Grades are important. I did my best to create a balance each semester between challenging courses and lighter courses. I was deliberate about choosing electives that I felt would contribute to making me a well-rounded clinician; I referenced the recommended course list by UBC and included courses I found fascinating and applicable.
I had an extensive and wide breadth of work/life experience with those who experience communication challenges and involvement with SLPs in their care team. As a result, I had a list of SLPs and audiologists from school districts to private practice, to Fraser Health that I had worked with to list on my letter of intent.
The letter of intent for UBC was incredibly challenging with a five-hundred-word limit. I started early, went through about a dozen drafts, and had several people involved in feedback and editing. I included my personal experience, academic, clinical, and research aspirations.
I had two professors willing to write me academic references. You will need two academic reference letters. They need to know you, they prefer for you to have taken at least two classes with them, and you need to have taken one of those classes with them within the last year. I took time to be as thorough as possible in filling out their reference request forms. I tried to provide support and evidence for my accomplishments under their instruction and shared a brief version of my story of why I wanted to become an SLP. I am grateful for the faculty and lab managers who care about supporting undergraduates in further education!
I had a strong, clinical reference from an SLP I had worked closely with through the school district. She could speak to my professionalism, competence, and potential in the field.
Q: What advice can you offer future SLP applicants?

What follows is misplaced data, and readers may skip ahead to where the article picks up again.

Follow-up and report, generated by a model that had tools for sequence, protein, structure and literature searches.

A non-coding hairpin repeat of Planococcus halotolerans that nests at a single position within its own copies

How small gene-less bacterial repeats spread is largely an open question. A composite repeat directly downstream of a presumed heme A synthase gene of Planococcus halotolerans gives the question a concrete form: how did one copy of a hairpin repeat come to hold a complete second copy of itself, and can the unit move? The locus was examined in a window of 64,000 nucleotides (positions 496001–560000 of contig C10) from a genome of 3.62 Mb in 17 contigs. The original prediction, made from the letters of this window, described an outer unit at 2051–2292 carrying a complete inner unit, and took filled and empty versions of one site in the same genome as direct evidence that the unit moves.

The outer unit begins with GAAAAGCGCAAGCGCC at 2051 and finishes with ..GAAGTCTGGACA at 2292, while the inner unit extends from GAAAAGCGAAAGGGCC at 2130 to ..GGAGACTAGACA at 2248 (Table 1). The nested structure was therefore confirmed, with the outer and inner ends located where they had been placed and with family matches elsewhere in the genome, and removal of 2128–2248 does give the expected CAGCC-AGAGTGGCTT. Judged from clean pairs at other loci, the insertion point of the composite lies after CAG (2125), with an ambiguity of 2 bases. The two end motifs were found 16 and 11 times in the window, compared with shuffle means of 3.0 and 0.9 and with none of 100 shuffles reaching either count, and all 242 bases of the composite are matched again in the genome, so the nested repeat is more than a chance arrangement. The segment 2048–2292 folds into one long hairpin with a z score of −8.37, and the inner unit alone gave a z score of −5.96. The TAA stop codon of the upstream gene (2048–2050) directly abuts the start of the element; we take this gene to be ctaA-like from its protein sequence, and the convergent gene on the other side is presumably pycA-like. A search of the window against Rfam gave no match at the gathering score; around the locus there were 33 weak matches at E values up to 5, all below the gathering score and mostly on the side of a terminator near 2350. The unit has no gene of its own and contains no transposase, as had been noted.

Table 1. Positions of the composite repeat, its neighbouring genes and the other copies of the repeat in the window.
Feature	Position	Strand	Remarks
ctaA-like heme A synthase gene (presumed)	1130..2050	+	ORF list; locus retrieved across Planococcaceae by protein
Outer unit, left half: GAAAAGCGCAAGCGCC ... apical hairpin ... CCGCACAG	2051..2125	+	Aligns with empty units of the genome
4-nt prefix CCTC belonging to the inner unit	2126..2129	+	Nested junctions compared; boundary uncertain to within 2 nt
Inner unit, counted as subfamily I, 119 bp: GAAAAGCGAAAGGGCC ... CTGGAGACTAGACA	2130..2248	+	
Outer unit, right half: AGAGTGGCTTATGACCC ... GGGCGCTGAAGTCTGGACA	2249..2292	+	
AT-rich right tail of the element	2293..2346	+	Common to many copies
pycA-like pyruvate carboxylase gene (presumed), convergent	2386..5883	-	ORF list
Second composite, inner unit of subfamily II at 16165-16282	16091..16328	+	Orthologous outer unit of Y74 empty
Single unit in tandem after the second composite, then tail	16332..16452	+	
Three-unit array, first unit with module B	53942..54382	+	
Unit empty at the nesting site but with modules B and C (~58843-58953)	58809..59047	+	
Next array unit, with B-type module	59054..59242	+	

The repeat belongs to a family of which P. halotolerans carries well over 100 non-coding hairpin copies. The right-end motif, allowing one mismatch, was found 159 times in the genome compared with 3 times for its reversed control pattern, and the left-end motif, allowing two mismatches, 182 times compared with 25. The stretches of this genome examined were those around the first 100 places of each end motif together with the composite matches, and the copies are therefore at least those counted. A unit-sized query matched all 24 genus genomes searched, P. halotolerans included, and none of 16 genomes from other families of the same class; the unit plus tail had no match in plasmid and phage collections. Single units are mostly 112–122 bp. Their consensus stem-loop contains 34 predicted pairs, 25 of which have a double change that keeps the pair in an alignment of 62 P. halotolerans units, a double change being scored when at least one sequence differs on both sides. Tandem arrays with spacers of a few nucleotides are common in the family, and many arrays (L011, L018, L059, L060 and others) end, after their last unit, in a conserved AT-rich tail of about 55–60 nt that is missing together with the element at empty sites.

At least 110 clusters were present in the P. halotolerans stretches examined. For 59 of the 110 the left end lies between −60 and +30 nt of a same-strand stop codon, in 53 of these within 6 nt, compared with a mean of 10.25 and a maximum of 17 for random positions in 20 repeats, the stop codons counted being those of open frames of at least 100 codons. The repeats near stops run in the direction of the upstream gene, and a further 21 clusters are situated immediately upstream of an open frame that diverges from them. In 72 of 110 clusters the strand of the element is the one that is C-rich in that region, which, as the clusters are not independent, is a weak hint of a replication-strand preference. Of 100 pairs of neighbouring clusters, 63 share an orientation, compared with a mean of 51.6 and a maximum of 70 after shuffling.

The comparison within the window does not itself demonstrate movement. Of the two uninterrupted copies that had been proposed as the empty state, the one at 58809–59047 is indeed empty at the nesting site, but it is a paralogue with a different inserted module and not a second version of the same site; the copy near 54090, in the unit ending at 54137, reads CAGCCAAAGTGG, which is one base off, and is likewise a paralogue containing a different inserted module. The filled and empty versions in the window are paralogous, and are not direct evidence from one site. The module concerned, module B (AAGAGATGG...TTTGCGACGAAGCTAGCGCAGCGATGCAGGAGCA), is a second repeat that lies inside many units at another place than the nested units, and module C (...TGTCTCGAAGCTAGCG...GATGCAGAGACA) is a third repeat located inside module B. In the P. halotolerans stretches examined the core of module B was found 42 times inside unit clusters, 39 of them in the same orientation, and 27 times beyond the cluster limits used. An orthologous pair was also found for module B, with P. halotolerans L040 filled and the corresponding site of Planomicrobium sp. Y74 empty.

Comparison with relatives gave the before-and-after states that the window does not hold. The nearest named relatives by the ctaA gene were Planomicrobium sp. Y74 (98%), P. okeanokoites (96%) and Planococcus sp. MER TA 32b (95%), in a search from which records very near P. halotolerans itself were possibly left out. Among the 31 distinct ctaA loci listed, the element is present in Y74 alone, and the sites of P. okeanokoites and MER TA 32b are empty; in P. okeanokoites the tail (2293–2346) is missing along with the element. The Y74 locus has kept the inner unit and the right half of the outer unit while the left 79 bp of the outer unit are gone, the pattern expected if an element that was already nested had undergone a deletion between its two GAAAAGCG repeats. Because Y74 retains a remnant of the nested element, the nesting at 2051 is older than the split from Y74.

Get connected and start volunteering early to position yourself for strong reference letters and opportunities to develop your skills in the field. Get to know the SLPs you work with; they are fantastic resources for guiding your undergraduate and application. Check your prerequisites and map out your courses accordingly. When in doubt, see Rita, the linguistic advisor; she is very helpful. Join the SFU Speech and Hearing Club as they have a comprehensive list of graduate schools and their prerequisites, host Q&A meetings with SLPs and Audiologists, provide volunteer opportunity information, and connect you with like-minded others. Take AUDI 402 with friends you can study with and take it on its own or with an otherwise light course load. Give yourself time to get everything together. Get involved and have fun!
CONSIDERING A CAREER IN SPEECH-LANGUAGE PATHOLOGY?
The Certificate in the Linguistics of Speech Science (CLSS) provides an understanding of the sound system and grammatical system of language and applies that knowledge to language acquisition, speech-language pathology, and more.
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SPEECH AND HEARING CLUB
Article Written by Michelle Beninteso